Harris, Charles, Murton, Julian B and Davies, Michael C R (2005) An analysis of mechanisms of ice-wedge casting based on geotechnical centrifuge simulations. Geomorphology, 71 (3-4). pp. 328-343. ISSN 0169-555XFull text not available from this repository.
Here we interpret the outcomes of scaled geotechnical centrifuge simulation of ice-wedge casting in terms of the likely significance of Quaternary ice-wedge pseudomorphs observed within different host sediments. Six experiments were completed in which 1/30th scale models of an ice-wedge embedded within frozen host sediments beneath a 25 mm thick unfrozen active layer were thawed from the surface downwards in the geotechnical centrifuge under a 30 times gravity (30 g) acceleration. Host sediment granulometry and/or ice contents were varied in each model, with host materials comprising medium sands, fine sandy silts and silty clays. The model ice-wedge was 50 mm at the top, 150 mm deep, and extended across the full width of the 450 mm wide test box. Centrifuge scaling laws indicate that under an acceleration of 30 g, stress distribution was equivalent to a 13.5 m long section of a 4.5 m high and 1.5 m wide full-scale prototype ice-wedge, covered in an active layer of thickness equivalent to 0.75 m. Thermal regimes, measured pore pressures during thaw, observed thaw consolidation and measured host sediment geotechnical properties are utilised in the interpretation of casting mechanisms. During a single uniform thaw event it is shown that arching of infilling sediment and the formation of a void is likely if negative pore pressures are developed in the host sediment. In fine silt and clays high ice contents are more likely than in sands, thaw consolidation is greater, positive pore pressures encourage complete filling of the ice-wedge void, and soft sediment deformation is likely to cause deformation of the cast and reduce its width and depth. Though natural casting mechanisms are likely to be more complex than those simulated here, modelling experiments highlight the need for care when inferring original ice-wedge geometry from observed shape and size of Quaternary ice-wedge casts.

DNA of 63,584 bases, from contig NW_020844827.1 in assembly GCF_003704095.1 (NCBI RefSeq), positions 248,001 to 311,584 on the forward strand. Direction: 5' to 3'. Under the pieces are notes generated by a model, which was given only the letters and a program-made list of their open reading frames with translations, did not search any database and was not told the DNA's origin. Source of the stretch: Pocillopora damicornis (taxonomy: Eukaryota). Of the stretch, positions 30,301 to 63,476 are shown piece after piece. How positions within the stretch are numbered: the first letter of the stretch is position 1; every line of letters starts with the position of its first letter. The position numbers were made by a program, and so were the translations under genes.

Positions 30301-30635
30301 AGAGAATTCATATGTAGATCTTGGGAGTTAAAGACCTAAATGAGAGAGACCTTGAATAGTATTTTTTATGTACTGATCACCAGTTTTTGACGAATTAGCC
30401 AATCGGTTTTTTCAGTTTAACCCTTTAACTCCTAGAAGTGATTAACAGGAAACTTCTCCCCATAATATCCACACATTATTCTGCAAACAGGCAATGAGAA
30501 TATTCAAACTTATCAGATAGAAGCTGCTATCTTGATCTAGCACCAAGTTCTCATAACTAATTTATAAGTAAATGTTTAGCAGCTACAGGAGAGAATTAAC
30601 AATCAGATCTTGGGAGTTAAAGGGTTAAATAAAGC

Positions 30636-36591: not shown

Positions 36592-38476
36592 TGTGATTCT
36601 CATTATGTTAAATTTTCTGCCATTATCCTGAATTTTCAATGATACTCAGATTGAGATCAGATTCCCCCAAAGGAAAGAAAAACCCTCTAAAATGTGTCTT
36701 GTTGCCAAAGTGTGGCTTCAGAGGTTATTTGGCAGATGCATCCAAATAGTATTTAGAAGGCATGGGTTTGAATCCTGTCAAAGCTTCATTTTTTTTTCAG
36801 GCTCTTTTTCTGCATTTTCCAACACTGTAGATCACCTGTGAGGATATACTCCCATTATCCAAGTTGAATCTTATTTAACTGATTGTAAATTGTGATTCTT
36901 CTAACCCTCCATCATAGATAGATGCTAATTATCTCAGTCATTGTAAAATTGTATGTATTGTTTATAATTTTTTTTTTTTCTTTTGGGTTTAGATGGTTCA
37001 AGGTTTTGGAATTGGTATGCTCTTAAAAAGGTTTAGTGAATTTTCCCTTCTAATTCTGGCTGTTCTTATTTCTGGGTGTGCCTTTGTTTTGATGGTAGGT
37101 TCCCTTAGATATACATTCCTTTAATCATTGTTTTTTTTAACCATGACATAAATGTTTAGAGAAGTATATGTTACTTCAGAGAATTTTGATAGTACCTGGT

|Additional Information:||Provides the first quantative analysis of the mechanisms and structres produced during the melt of artificial ice wedges, using a novel centrifuge method. The research integrates experimental geomorphology and soil mechanics, and was funded by the Royal Society.|
|Schools and Departments:||School of Global Studies > Geography|
|Depositing User:||Julian Murton|
|Date Deposited:||06 Feb 2012 15:22|
|Last Modified:||12 Apr 2012 07:58|
|Google Scholar:||5 Citations|